An online security researcher has revealed that Apple’s iOS devices do not completely redirect all network traffic through VPN connections once they are established.
The revelation poses a significant security vulnerability to all iOS users that had previously thought that a VPN connection was securing all of their internet traffic.
Even more worrying, Apple has not commented on the revelation at the time of writing, never mind taking action to resolve the issue.
What is the new iOS vulnerability?
The iOS VPN vulnerability in question has been unearthed by Michael Horowitz, a veteran online security researcher and blogger.
In his blog post, which technophile readers can find in full and regularly updated here, Horowitz makes the rather startling claim that “VPNs on iOS are broken”.
Before iOS VPN users start to panic, let’s delve into the detail a little further.
When you connect your iOS device up to a third-party VPN like ExpressVPN, your VPN provider establishes a secure encrypted tunnel, reroutes your data through its server, and tags it with a new IP Address. So far, so good.
The problem is that, according to Horowitz, any sessions and connections that have been established before you connect to your VPN are not terminated and then reconnected through the VPN link.
Horowitz has studied this in some detail and used advanced router logging to show that these connections can still send data outside the VPN connection. There is no indication from Apple, OpenVPN, or any VPN providers to indicate that this is the case, presumably because it was not known until recently.
A previously established issue
Interestingly, Horowitz’s claims are not the first time this issue has been flagged. His testing was conducted on iOS version 15.6, but security company Proton, the company behind ProtonVPN, ProtonMail, and a number of other online security tools, made similar claims about an iOS VPN bypass vulnerability back on iOS version 13.3.1.
They noted that this problem will right itself in the end. But also found that with services like notifications, this could take as long as several hours.
In his tests, Horowitz used multiple VPN providers and multiple different VPN apps. All returned the same results, which shows categorically that this is not an issue with any VPN providers, not an app vulnerability, and not a DNS leak. It is a problem within iOS itself.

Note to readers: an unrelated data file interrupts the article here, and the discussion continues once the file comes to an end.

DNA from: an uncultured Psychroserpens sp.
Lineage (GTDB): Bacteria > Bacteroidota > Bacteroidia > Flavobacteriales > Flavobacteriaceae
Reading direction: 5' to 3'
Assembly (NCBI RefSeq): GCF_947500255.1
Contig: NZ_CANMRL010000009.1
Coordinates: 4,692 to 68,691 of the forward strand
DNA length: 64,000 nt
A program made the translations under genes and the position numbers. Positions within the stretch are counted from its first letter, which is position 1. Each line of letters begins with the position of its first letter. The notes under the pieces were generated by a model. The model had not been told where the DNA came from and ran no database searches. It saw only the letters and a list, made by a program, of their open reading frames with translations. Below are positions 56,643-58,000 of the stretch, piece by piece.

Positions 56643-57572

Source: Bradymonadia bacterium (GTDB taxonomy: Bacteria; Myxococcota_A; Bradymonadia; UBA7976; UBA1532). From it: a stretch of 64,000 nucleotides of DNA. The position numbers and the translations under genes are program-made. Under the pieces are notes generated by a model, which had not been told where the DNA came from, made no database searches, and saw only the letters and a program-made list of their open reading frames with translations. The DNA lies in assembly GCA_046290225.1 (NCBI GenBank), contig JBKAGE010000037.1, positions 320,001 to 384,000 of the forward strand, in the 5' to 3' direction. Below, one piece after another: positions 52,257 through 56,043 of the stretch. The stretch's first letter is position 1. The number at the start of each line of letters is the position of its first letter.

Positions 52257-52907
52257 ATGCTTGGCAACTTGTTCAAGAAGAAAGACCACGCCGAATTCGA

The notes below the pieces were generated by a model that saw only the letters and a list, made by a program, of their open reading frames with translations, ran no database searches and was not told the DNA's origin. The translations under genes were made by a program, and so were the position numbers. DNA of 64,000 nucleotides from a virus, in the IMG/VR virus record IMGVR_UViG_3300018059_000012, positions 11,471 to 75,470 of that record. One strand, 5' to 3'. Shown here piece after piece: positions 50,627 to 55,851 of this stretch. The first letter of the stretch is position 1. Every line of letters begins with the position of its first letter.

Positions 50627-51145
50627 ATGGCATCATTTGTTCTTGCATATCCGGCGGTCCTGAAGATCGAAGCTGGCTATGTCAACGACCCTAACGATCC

Why is this vulnerability a concern?
If you are wondering why this is a concern, the answer is that it means that even when you are connected to your VPN, there could be data leaving your device but not through your VPN connection.
This data could be unencrypted and could contain information about you, including your real IP Address, which your Internet Service Provider (ISP) and other online surveillance operatives or websites could see.
This is especially a problem in countries where VPNs are used to get around state censorship or government surveillance of individual’s online activity.
The research conducted by Horowitz also tested the kill switch on ProtonVPN to see if this stopped the leak. Worryingly, it didn’t, which will be even more of a concern for users in countries of this type.
What has Apple done?
So far, there has been precious little response from the people at Apple.
After the initial Proton report into this issue, their blog claimed that Apple would shortly be adding functionality to block existing connections and overcome this problem.
They do appear to have done something in this regard, but it is clear from Horowitz’s research that this has not made any fundamental difference to the problem.
They have not commented on the latest reports yet, which is even more worrying as it suggests that they are either not worried about the security of their user’s data or simply not planning to remedy the problem.
Is there a workaround?
The good news for iOS users is that there is a workaround for this problem which was suggested by ProtonVPN back when they made their original report.
They recommend that iOS VPN users should manually close all connections before connecting to their VPN. Once you have done this, connect to a VPN server as usual, but then switch your device briefly to airplane mode and then back on again.
As ProtonVPN explains, this should force all internet connections to reconnect through the VPN connection, although it has to be said that they were not willing to guarantee 100% that this would be the case.
Horowitz is sceptical about Apple’s airplane mode, but to date, this is the best solution we have come across to the problem and is certainly better than doing nothing even if we cannot be 100% certain that it will work.
Another alternative, of course, is to switch away from iOS devices altogether and use an Android mobile device or a desktop connection when undertaking anything remotely sensitive that you need a VPN’s protection from.
Apple may not like us recommending that course of action, but perhaps it will spur them on to fixing this problem properly rather than procrastinating and putting all of their VPN-using customers at risk completely unnecessarily.